3 Helpful Tips on How to Build A Garden Shed
What you want from a garden shed will largely influence how it’s built. It would be one of the adorable home garden design ideas that one can easily implement. These outdoor structures have several uses; therefore, it pays to know the exact purpose you want to use them for. Some people find it ideal for creating privacy outdoors, and if you’re part of this group, there are details you will have to add to the shed. They are also great for storage and for improving a home’s value. With the growing demand for outdoor storage likely to hit $1.6 billion next year, it makes sense why people are clamoring for them. So, check out this article on how to build a garden shed and get some stunning tips!
1. Size and style of the shed
Your outdoor space and the shed’s purpose will determine how large it will be. And when it comes to style, there are many to choose from. Some homeowners want a garden shed that looks like a miniature of the main house. In other words, the materials, color, theme, etc., match the main estate. This may satisfy aesthetic demands and save time. For instance, a garden shed that matches the main house may not require so much time to build. This is likely because the materials are easy to source, and the project may not require elaborate planning.
Moreover, the blueprint is the main house, which may cut out the need to draw a new design from scratch. On the other hand, if the shed is a multipurpose shelter, you need an elaborate plan. For example, if it’s for storage and outdoor seating, it helps to put more detail into how your tools will be kept away from open view. The type of permit you receive from the local building authority will likely determine how far you can go with the size and style.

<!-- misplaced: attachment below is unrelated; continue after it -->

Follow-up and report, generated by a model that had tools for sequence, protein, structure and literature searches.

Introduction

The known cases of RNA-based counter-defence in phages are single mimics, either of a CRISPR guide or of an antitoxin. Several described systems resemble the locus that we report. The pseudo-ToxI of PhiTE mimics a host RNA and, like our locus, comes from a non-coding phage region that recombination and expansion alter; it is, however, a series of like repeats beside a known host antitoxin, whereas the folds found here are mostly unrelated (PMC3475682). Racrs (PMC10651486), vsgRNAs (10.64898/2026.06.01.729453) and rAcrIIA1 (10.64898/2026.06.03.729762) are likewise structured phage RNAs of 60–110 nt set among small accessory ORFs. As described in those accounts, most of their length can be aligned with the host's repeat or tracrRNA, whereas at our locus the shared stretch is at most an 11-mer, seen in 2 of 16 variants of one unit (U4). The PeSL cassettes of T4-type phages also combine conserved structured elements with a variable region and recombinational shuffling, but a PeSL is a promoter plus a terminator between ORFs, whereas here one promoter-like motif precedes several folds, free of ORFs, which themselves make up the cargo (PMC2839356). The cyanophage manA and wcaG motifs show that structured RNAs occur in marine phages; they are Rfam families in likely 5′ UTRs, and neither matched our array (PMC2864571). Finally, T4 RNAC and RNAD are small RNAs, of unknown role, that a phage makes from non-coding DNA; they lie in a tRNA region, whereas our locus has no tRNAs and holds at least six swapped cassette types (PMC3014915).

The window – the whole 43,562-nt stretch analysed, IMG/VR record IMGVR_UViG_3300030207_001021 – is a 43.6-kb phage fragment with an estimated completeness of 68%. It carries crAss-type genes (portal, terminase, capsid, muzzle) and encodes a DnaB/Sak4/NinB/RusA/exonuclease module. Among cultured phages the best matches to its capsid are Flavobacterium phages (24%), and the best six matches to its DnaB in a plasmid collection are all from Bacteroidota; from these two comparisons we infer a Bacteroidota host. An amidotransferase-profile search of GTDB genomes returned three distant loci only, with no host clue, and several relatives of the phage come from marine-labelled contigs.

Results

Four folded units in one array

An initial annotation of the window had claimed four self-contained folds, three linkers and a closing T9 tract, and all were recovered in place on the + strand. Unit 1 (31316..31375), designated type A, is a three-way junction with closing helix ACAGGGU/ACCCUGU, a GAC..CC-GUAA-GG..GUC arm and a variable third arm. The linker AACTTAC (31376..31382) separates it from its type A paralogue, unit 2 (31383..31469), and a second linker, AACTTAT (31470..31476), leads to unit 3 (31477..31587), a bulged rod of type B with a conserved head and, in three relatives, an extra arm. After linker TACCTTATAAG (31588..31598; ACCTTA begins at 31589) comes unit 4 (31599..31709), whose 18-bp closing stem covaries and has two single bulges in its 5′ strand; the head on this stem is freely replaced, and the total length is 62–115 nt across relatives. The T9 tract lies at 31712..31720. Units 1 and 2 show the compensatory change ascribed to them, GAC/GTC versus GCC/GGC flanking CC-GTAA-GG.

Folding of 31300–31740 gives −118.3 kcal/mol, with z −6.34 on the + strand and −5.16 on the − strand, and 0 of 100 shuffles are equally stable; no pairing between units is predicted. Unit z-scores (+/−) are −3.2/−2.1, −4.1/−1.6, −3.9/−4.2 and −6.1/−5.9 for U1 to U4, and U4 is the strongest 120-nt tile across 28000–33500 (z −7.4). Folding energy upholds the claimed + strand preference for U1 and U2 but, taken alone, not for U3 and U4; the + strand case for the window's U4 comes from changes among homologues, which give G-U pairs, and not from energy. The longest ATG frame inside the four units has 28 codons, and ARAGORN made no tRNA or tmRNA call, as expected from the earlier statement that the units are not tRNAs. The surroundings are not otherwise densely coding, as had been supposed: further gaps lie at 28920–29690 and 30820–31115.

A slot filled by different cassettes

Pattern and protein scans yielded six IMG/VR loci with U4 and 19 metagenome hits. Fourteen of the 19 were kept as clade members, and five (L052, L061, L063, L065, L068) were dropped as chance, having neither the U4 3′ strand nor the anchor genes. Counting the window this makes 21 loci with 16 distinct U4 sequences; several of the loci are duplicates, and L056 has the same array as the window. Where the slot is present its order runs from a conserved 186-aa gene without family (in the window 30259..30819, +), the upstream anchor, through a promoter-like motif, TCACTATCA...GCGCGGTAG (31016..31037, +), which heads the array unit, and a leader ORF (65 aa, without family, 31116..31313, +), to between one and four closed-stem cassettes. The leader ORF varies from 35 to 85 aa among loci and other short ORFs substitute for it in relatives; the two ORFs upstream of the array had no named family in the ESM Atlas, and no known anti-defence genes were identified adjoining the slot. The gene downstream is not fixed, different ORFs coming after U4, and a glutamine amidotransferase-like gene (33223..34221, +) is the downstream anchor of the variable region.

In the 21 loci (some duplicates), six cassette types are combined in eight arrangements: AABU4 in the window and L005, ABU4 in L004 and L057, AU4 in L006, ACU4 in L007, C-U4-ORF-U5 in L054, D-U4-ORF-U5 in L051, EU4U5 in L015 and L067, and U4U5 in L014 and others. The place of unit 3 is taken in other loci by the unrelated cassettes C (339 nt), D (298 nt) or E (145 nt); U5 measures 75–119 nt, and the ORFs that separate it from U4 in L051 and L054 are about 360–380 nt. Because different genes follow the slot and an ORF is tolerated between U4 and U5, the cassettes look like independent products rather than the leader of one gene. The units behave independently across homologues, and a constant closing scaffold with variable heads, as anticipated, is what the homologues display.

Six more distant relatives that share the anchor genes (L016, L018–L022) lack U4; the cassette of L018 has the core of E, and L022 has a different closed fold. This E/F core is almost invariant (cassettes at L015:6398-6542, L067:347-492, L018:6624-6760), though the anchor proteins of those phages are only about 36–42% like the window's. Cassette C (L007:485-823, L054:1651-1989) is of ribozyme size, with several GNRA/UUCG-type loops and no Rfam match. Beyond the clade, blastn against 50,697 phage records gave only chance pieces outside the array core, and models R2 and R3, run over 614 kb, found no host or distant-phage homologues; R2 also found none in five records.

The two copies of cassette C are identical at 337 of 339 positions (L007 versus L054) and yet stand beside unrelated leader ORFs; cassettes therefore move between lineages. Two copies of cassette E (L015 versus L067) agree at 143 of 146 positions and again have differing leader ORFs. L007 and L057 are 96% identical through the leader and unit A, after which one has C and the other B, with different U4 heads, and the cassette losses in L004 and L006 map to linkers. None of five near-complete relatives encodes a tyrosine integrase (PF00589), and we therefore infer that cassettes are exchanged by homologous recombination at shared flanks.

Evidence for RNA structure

2. The site of the shed
In many cases, the frequency of access to the shed will determine the proximity to the house. Moreover, conveying them over a long distance may be inconvenient and tiring if you have heavy garden tools. Additionally, locating the garden shed at the lower end of a sloped landscape may not be wise. When it rains, running water can collect at the base and cause erosion around the edges of the shed. As a preventive measure, you can use permeable patio pavers to cover open soil with a high risk of washing away.
3. Roofing considerations
Quite often, the preferred roofing style for a garden shed is a slightly angled one. A single slope roofing style enables rainwater to slide off quicker. Unfortunately, it is not always the safest option for heavy snow. This is because snow naturally sticks onto surfaces. It becomes worse when you plan on building a garden shed without insulation. Naturally, an insulated roof can help melt frozen snow. An insulated, sloped metal roofing may be better for the shed. The reason is due to reduced traction on slanted metal surfaces.
Unfortunately, there is a high risk of rust if you opt for metal roofing. However, you can coat the metal surface with anti-rust paint to stop premature corrosion. On the other hand, bitumen-felt shingles can work too. These are other synthetic roofing materials designed to be water-proof and quite long-lasting. Fortunately, they are also cost-effective. This tip on how to build a garden shed seems to be the most important.